Lady Mary Wortley Montagu

James Dallaway, in "Memoirs of Lady Mary Wortley Montagu" Montagu, Works, ed. Dallaway (1803) 1:117-19.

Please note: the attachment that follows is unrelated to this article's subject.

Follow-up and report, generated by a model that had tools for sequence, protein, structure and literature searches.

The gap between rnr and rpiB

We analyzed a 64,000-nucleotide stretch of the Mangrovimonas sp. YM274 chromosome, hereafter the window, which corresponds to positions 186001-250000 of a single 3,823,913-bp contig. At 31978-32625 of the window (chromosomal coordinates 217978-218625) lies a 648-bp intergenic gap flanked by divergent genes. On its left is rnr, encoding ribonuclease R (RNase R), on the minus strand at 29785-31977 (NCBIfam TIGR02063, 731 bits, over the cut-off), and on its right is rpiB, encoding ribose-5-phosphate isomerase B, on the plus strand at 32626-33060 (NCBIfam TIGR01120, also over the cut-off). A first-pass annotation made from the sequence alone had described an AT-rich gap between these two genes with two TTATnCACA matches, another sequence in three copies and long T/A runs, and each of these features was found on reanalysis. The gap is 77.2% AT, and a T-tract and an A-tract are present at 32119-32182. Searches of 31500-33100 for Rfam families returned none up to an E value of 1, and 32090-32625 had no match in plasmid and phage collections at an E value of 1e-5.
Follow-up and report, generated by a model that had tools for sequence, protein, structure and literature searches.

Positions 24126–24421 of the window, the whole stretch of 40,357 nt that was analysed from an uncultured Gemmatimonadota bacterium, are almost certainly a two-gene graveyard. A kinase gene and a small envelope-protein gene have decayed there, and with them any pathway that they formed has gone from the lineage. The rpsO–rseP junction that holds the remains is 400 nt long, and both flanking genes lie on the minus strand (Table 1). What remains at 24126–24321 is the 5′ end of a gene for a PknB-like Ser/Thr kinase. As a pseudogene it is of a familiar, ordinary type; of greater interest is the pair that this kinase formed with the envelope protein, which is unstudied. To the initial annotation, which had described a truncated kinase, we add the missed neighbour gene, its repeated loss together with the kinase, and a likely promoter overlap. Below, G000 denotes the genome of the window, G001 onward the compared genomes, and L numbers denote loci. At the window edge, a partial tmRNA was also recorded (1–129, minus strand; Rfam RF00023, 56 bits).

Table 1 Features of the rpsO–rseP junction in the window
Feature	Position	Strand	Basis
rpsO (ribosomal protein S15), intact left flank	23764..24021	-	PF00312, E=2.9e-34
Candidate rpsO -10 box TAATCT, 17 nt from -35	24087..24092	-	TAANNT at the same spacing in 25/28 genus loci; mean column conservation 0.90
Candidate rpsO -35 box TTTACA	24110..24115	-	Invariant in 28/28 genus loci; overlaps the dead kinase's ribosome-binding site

Of her poetical talents it may be observed, that they were usually commanded by particular occasions, and that when she had composed stanzas, as any incident suggested them, little care was taken afterwards; and she disdained the scrupulous labour, by which Pope acquired a great degree of his peculiar praise. But it should be remembered, that the ore is equally sterling, although it may not receive the highest degree of polish of which it is capable. She attempted no poem of much regularity or extent. In the Town Eclogues, which is the longest, a few illegitimate expletives will not escape the keen eye of a critic. The epistle of Arthur Gray has true Ovidian tenderness, the ballads are elegant, and the satires abound in poignant sarcasms, and just reflections on the folly and vices of those, whom she sought to stigmatize. There is little doubt, but that if Lady Mary had applied herself wholly to poetry, a near approximation to the rank of her contemporary bards would have been adjudged to her, by impartial posterity.